Whether you have a film like Ex Machina winning the Oscar for best visual effects over films like Mad Max: Fury Road or The Hurt Locker taking precedence over behemoth's like Avatar for best picture, independent films have always had a way of winning over the hearts of many viewers. While not as widely viewed or praised, A Walk in the Woods is a very likeable indie gem that nobody really talks about. Sure, it received a shocking box office return, raking in almost $30,000,000.00, but the word of mouth never spread. This is a film that would attract an audience over the age of 50, but I myself found it quite enjoyable. A Walk in the Woods may not be deserving of high praise, but it's a harmless tale of reconnecting.
Likeable Characters On A Journey Worth Taking
Released in 2015, A Walk in the Woods follows Bill Bryson (Robert Redford), an elderly novelist who doesn't have much excitement left in his life. Wanting to hike a trail in his hometown, he seeks companionship as his wife wouldn't let him make the trek otherwise. Stephen Katz (Nick Nolte) is the man who seems up to the task, so the two of them venture out into the wilderness to find themselves. This truly is just a simple tale of reconnecting with old friends and exploring parts of yourself that you wish you had in the past. Sadly, there isn't enough substance here to call it a great film, but Robert Redford and Nick Nolte are so likeable as these characters that this average film becomes quite enjoyable.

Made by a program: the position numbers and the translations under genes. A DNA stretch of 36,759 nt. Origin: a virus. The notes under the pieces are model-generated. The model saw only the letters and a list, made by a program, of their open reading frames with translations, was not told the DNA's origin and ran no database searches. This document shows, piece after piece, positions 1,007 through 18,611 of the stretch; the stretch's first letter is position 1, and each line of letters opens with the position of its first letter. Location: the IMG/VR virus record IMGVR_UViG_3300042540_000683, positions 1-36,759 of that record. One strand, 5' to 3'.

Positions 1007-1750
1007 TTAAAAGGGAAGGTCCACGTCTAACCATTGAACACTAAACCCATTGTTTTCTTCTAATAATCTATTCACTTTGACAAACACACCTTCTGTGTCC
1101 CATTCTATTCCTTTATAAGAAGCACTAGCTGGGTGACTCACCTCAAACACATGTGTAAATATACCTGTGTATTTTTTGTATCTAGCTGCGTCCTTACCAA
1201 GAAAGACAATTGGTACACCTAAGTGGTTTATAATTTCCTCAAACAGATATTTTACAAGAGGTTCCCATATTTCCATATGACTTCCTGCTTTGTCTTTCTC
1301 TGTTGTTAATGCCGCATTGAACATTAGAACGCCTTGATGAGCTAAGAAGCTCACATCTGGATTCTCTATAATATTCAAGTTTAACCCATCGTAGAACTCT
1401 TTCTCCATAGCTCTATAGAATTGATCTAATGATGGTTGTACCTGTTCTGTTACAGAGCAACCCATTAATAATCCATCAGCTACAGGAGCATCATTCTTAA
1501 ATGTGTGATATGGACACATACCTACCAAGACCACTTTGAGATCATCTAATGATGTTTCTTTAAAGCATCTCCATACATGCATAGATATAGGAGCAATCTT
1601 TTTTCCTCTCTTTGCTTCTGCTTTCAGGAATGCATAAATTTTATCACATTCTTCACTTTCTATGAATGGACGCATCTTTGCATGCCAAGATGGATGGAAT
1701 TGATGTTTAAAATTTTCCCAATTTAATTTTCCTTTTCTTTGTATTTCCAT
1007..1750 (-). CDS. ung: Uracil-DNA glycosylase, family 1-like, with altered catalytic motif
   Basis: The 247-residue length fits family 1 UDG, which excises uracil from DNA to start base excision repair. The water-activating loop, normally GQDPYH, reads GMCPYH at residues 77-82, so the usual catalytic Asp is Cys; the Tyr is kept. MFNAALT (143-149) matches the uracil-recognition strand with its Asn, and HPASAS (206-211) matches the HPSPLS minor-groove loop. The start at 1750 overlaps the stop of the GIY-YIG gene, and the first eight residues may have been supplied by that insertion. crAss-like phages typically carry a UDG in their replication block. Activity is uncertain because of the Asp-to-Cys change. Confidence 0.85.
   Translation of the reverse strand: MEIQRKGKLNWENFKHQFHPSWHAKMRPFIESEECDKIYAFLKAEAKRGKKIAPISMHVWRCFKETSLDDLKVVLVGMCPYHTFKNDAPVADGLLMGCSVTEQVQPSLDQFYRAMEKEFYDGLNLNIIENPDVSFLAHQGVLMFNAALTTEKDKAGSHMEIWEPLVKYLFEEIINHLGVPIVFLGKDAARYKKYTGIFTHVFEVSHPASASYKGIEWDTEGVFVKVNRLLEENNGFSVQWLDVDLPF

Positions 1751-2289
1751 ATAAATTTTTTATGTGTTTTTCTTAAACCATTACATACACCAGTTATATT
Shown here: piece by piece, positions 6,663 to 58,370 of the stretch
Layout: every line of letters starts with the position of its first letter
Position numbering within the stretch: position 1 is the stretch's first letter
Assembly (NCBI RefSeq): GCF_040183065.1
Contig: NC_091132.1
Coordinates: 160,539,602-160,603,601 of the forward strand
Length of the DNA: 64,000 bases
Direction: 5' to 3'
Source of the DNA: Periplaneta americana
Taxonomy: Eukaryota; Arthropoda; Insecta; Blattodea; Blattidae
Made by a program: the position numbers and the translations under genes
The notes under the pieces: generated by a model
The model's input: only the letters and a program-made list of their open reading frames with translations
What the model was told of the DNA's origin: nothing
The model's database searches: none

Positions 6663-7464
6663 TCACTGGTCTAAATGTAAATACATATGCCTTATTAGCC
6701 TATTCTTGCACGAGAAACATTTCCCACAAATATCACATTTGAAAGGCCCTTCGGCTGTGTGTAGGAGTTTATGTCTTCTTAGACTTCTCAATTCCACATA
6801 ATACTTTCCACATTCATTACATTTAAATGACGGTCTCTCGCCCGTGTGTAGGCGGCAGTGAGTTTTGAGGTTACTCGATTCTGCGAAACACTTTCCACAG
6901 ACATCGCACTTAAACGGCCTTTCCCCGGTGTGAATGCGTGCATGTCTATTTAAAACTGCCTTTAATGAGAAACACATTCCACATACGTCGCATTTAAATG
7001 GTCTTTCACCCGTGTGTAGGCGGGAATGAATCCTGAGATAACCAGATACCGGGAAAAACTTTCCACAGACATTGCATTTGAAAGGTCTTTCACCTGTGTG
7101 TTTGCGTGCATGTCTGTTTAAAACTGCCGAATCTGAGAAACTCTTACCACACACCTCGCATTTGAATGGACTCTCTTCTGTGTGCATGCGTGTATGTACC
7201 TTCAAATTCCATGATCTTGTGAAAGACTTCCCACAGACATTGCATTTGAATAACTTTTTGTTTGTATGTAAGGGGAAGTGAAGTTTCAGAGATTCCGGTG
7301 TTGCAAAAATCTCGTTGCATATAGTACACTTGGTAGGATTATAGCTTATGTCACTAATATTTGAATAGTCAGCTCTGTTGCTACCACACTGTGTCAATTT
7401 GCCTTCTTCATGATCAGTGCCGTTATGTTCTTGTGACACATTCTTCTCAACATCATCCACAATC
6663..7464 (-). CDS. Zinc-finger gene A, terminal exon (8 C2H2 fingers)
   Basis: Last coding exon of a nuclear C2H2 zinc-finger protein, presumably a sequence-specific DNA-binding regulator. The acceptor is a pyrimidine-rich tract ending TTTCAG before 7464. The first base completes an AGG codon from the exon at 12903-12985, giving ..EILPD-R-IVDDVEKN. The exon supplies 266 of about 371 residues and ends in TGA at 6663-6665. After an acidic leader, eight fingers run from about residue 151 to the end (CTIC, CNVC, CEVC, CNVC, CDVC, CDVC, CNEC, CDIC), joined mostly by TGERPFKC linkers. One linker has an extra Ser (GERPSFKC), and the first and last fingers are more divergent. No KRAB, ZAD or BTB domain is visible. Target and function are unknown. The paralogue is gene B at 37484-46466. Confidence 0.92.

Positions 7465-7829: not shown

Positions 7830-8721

The Low-Budget Feel
While watching this film, it's very hard to ignore the low-budget feel, especially if you are into filmmaking as much as I am. Some of the backgrounds are obviously on a sound stage to keep these actors protected and the locations in this film are slim to none. A Walk in the Woods is a very self-aware and contained film, as to what its limits hold. If I'm being completely honest, I found myself picking out the real scenery from the fake scenery, simply due to the fact that the dialogue felt so simple most of the time. Having said that, their dialogue feels extremely fresh at times, due to the commitment of these two very talented actors.
A Walk Worth Taking
This film may seem like a movie that is only full understood by someone over the age of 50, but anyone who enjoys likeable chemistry, a relaxing story, or slice-of-life storytelling, the you may just find yourself enjoying A Walk in the Woods quite a bit. Watching Redford and Nolte banter through the woods for a solid 90 minutes was well worth the watch on its own. This will never be a film that will be remembered as a classic, but it sure beats the old-age jokes from a film like Last Vegas, where actors like Morgan Freeman or Kevin Klein are just present for a good time and a paycheque. As simple as this story is, it's definitely worth a watch and doesn't deserve to be as forgotten as it has become over the past year or so.
My Overall Thoughts
A Walk in the Woods shouldn't be criticized for its simplicity, which is what some critics have said about it, because a film like this can't really do much more than it does. It promises an enjoyable time through the woods with two old friends who need a little excitement in their old age, and it delivers just that. Nothing more and nothing less. This is a perfectly fine and disposable film for anyone who wants a quick smile on their face when they have nothing else to watch. Well-directed for the most part, very well-acted by these two veterans, and the script is as competent as it should be for this type of film. I didn't find myself jumping up and down and needing to recommend it to everyone, but for how likeable it is, it's sad that it hasn't been seen by many viewers. A Walk in the Woods is an enjoyable little flick.